Copycat Killer App
HIGH Feels incredibly fresh and innovative.
LOW Trades innovation for harsh difficulty spikes later on.
WTF The protagonist’s name is… En?
After playing games for more than twenty years and writing about them for more than ten, it’s rare to come across something that feels unique and fresh. I go through dozens and dozens of games each year, and only a tiny slice feel truly innovative. As such, my hat is off to Echo because it’s in that tiny slice.
Echo, the first game from Ultra Ultra (comprised of former Hitman developers) is as slickly designed as it is intriguing. Players wake up as En, who’s been in stasis for a century aboard an AI-controlled spaceship. London, the ship’s AI pilot, is the Jarvis to En’s Iron Man, except that they disagree on everything. Where her flippant positivity borders on being near-religious, London remains her pragmatic, often cynical foil.
En and London’s journey through space leads them to a structure En believes will help resurrect Foster, a mercenary who risked his life to help her out of sticky situation several years ago. Upon reaching the planet, her expectations are turned upside down — despite a drab decaying facade, the structure’s inner workings reveal an elaborately ornate palace. Gold statues, high-end furniture, pianos, harps and brightly illuminated panels run the lengths of its maze-like halls. It’s somewhere between Tron and 2001: A Space Odyssey, but maintains its own identity.
After a deliberately slow-paced and mysterious intro, things heat up when En realizes the palace has a mind of its own, and it creates duplicates of her that patrol the environment. At first the doubles act like zombies and are barely able to walk, but every few minutes, the palace completely powers down. After each blackout, the clones become more fully formed and begin learning En’s moves. In short, players teach the duplicates how to hunt En based on how they play.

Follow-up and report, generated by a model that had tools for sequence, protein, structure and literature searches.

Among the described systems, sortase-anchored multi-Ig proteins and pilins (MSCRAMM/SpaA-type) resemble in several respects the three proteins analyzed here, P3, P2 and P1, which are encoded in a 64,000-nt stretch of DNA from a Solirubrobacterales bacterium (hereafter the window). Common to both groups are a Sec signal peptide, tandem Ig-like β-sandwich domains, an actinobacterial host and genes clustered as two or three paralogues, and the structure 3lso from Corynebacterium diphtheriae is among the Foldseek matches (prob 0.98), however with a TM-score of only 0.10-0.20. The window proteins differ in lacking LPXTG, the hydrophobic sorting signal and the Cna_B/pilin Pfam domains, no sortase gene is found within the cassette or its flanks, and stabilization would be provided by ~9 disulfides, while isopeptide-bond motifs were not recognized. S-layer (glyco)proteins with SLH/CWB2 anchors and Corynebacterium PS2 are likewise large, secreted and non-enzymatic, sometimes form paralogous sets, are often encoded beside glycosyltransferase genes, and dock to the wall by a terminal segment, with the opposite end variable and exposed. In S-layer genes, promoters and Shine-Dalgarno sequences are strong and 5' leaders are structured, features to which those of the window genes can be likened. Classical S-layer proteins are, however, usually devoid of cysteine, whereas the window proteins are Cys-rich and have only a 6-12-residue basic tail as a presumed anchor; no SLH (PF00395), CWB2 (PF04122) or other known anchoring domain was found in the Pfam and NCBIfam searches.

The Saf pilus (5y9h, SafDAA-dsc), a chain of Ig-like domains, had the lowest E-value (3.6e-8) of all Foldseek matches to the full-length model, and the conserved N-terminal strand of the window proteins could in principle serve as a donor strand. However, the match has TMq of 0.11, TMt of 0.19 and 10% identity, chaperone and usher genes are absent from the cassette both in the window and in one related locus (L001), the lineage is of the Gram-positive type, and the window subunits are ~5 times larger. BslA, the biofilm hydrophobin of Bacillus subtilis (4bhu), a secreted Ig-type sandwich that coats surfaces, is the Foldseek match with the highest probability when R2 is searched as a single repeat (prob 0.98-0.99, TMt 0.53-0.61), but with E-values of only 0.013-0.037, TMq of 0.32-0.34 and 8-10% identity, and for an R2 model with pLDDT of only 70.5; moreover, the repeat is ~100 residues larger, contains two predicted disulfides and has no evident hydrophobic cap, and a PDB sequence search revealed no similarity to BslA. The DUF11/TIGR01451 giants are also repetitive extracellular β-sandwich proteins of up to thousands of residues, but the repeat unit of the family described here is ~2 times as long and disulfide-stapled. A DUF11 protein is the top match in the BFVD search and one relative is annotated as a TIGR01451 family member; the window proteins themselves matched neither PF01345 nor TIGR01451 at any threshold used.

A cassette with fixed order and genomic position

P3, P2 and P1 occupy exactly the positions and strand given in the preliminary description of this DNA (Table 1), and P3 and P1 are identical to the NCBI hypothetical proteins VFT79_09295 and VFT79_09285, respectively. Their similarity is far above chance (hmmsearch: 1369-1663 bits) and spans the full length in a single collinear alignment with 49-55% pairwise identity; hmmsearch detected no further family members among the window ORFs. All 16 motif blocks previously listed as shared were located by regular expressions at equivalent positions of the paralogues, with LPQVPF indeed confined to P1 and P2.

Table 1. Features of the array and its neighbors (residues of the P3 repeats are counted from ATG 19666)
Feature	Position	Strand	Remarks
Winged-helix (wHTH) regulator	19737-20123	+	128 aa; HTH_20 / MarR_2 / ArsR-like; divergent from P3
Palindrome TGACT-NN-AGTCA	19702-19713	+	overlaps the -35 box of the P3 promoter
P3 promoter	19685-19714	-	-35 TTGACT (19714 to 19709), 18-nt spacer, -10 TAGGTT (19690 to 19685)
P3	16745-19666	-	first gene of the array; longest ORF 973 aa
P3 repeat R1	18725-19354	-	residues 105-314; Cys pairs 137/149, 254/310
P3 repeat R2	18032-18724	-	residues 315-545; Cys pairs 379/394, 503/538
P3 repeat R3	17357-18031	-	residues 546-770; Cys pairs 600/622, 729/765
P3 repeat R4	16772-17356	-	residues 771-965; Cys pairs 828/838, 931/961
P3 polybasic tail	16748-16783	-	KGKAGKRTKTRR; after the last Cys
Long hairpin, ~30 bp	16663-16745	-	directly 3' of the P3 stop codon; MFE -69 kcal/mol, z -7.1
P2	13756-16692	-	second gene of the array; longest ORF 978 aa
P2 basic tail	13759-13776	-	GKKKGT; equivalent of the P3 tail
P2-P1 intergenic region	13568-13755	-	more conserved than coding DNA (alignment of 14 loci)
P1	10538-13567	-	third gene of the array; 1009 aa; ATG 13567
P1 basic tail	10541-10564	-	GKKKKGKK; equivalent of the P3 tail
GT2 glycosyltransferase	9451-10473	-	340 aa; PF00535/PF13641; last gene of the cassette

Use her gun, and they’ll start shooting. Crouch and sneak more, and they’ll start crouching. Dash more, and they’ll start running after En. Although Echo seems like another by-the-book sci-fi shooter on its surface, this hook elevates it to unique status. There’s a lot of strategy going on under the hood.
To stop the duplicates from copying all of En’s moves and having a full arsenal early on, they only mimic her moves from the time before the last blackout. So, if I noticed the clones were getting too trigger-happy, I could lay off my gun for a wave and after the next blackout they’d put theirs away, too.
These clones pick up on other inputs as well. Some areas feature water reservoirs, and the echoes won’t step in water until En does. They also won’t open doors, climb up small ledges or drop from balconies until they see it being done. Diversionary behaviors can be copied to the player’s advantage too — if I stop to have En hit a few piano keys or stroke a harp, the echoes will experiment with their own musical artistry (and pay less attention to me) in the next wave. The precise, strategic movement choices make Echo feel like a board game.
Because shooting through the adventure would be too easy, Ultra Ultra has put safeguards in place to make sure Echo doesn’t become a full-on run-and-gun. En’s pistol draws energy from her futuristic space suit for ammo, and she only starts with enough juice for two shots. The last one always regenerates (slowly) and more capacity can be acquired through pick-ups. She can also choke out echoes if she sneaks up on them, or she can use small, single-use crystal ball ornaments in the environment as lethal melee weapons.
Ultimately Echo was a thrilling, fly-by-the-seat-of-my-pants ride for most of the campaign. I felt pressured to be quick, strategic and efficient while carefully choosing each move I made knowing the echoes might turn those moves on me after the next blackout. And if I made one mistake or an echo detected me? Things would start snowballing into oblivion unless I found a solution, fast.